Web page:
Noe and company have done an excellent job choosing and managing the barrels they reserve for the 12-year-old. The whiskey is not a bit over-wooded. It is right where a 12-year-old bourbon should be, wood dominant on just the right side of the tipping point; rich with caramel, vanilla, and oak; but without much soot or smoke. Here the ‘craft’ is primarily in wood management and barrel selection, both of which are done exceptionally well.

The brandy-finished bourbon is unusual because it is not, as one might assume, brandy barrel finished. It is finished by the addition of a very small amount of actual brandy. Beam has long sold a product in Australia that is a bourbon finished with port. This is the same idea. It works very well. Much like the wood finish used for Maker’s 46, the brandy provides a grace note. Although it is an added flavor, it doesn't overpower the whiskey like the cherry flavoring in Red Stag arguably does. The craft here is in the finish itself, selecting the brandy and adding just the right amount, and in selecting the best bourbon for the pairing. Again, it’s a job well done. The stuff is delicious.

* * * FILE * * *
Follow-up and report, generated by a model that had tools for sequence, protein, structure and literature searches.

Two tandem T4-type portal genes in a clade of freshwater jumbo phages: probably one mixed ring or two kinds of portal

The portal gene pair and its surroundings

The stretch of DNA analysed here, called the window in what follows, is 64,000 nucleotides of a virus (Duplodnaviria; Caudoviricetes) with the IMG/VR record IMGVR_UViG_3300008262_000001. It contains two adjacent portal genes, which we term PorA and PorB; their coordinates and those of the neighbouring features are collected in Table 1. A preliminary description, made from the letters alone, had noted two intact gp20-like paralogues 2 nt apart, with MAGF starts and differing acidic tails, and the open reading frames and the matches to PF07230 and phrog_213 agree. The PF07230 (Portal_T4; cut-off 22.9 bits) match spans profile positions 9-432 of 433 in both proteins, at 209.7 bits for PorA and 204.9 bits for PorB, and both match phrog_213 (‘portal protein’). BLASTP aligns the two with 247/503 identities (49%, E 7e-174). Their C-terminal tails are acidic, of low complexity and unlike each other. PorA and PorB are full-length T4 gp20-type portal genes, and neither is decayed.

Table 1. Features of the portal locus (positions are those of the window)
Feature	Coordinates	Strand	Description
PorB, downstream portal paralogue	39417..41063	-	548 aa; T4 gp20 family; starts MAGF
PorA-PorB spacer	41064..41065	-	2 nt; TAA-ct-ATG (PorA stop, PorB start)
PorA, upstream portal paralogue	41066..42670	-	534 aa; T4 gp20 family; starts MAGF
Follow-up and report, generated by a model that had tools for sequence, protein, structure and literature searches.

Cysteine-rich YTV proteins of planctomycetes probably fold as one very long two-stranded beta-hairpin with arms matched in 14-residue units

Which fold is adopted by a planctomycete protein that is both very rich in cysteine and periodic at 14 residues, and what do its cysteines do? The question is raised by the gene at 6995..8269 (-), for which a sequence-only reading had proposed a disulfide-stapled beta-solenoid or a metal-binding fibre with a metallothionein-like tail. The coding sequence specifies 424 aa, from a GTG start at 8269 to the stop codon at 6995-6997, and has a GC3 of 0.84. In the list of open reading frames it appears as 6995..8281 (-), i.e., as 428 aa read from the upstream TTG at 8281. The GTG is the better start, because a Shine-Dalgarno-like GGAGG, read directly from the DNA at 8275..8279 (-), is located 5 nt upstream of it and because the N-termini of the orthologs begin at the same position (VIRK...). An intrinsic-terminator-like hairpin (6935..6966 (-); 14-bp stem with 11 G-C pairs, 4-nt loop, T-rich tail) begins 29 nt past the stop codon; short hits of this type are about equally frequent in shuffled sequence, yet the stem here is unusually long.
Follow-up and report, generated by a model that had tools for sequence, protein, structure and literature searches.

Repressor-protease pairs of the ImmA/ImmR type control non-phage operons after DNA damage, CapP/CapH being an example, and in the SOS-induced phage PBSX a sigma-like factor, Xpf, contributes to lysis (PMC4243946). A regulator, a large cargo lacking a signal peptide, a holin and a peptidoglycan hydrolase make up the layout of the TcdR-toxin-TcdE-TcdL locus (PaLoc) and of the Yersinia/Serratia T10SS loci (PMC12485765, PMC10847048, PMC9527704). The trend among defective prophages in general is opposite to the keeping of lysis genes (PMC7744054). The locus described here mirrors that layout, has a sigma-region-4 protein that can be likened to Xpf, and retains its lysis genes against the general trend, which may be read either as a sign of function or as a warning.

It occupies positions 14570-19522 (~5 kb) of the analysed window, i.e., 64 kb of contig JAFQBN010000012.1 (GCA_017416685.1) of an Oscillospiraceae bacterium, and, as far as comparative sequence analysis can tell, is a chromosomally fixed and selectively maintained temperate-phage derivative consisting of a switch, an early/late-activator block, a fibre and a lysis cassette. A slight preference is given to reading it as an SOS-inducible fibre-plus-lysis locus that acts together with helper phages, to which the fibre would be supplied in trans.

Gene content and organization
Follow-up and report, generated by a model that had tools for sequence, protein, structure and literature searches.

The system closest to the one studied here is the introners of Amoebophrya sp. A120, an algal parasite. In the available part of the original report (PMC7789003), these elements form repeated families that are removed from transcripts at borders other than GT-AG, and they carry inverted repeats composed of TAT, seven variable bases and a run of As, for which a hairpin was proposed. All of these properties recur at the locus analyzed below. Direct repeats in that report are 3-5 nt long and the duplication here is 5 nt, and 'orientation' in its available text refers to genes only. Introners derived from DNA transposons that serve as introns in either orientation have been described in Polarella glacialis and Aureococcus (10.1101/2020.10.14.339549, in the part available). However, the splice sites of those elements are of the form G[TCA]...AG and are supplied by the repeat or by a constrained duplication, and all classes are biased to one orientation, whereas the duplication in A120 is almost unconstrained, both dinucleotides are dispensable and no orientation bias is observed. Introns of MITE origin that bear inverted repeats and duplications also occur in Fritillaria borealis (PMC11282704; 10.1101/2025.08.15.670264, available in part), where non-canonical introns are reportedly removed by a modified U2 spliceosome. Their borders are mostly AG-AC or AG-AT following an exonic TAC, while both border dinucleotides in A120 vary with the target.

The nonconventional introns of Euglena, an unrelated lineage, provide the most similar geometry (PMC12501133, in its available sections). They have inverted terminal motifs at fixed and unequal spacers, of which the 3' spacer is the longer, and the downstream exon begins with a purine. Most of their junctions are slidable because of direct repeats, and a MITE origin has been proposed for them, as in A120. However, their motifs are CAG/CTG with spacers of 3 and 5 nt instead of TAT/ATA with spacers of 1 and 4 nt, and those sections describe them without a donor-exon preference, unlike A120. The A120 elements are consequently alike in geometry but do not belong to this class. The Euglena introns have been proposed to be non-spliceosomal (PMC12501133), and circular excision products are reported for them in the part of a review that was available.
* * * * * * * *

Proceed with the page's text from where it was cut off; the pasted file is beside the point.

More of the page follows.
Beam got the packaging right too. The bottles are very sensual in the hand and I commend Beam for going with a simple plastic screw cap instead of cork. Corks have become ubiquitous in high-end spirits, even though they confer not a single benefit and are inferior in terms of seal, plus they can break down and taint the whiskey. Corks and high proof spirits just aren't a good combination, but there will be dopes who will complain that Beam ‘cheaped out’ by going with screw caps. They'll be wrong. It is a bold, elegant, and appropriate choice.

Beam also deserves credit for saying, in their promotion materials, that both products should be enjoyed neat or on-the-rocks. They declined to provide any cocktail recipes. They can't hold out forever, the cocktailian pressure is too great, but we appreciate the sentiment.